Didier Schweizer graduated in industrial design at the Art School of Lausanne (écal). He participated in workshops for IKEA, AXOR or Christophle and rubs shoulders with Designers such as Barber & Osgerby, Costantin Boym, Jerszy Seymour and Pierre Charpin.
He then moved to Milan, Italy, where he worked with the studio run by Architect Mario Trimarchi. As an Industrial Designer, he has the opportunity to develop products for international companies like Alessi and Artemide. His work allows him to follow such diverse projects as a series of pans for COOP Italia, mascaras for the Italian brand of cosmetics Deborah, or a faucet for the Finnish company Oras.This activity also leads him to collaborate in the arrangement of spaces and scenography. He contributes in particular to supermarket development for COOP Italia and installations in London, New York and Milan for Alessi, as well as exhibitions for the italian cultural centers. Alongside his work he practices photography and illustration, approaching more abstract themes.
Perhaps because of his Swiss origins, he gives particular importance to details and finishes. Always full of compromise, his choices represent a superposition of layers, which combine to form a harmonious whole. His work always evokes the attention he pays to his environment, both formal and subjective. His gaze likes to land with a gentle curiosity on the elements that make up the fresco of our landscapes, both urban and natural. He draws from it a subtle source of inspiration to enrich his work.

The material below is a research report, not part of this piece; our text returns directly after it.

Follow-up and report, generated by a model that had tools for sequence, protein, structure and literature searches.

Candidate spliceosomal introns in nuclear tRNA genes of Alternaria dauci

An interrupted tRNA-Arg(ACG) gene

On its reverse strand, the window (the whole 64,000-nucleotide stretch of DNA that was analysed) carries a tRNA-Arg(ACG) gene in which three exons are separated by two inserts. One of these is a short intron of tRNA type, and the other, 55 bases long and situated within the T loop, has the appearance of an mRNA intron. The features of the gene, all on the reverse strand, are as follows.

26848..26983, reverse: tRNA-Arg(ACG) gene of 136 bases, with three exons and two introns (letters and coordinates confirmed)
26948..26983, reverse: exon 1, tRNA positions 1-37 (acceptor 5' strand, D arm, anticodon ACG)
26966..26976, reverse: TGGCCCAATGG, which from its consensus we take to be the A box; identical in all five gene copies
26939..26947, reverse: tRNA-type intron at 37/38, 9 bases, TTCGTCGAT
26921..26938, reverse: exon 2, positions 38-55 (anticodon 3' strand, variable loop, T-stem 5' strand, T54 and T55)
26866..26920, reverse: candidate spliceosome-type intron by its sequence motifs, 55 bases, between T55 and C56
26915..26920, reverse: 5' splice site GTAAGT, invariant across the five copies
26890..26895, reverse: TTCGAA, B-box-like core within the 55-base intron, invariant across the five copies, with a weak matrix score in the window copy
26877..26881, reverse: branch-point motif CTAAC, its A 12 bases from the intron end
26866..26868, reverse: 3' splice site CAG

Design is the best way to instill a unique identity into an object.
Design has evolved over time and is no longer simply the transcription of the link between industrial production and the consumer. New technologies, the democratization of production processes and quite simply the Internet have thus considerably widened the scope of design. It today represents as much the conception of the intrinsic object as of the image it projects on the various media. Design is a language and should be treated as such.
The designer’s field of activity should comply with certain rules:
• Details. Every idea is the start of a process. This journey develops and finds its conclusion in the resolution of the smallest details.
• Sincerity. The project must be carried out while taking into account respect for the customer, the consumer and the environment.
• Serendipity. The ability to seize an unexpected new opportunity. To stay awake and pay attention to the universe around us.
• Longevity. Each of our actions is part of an increasingly exalted timeline. However, it is important to consider our contribution over a long and humble time.
> Biography (.pdf)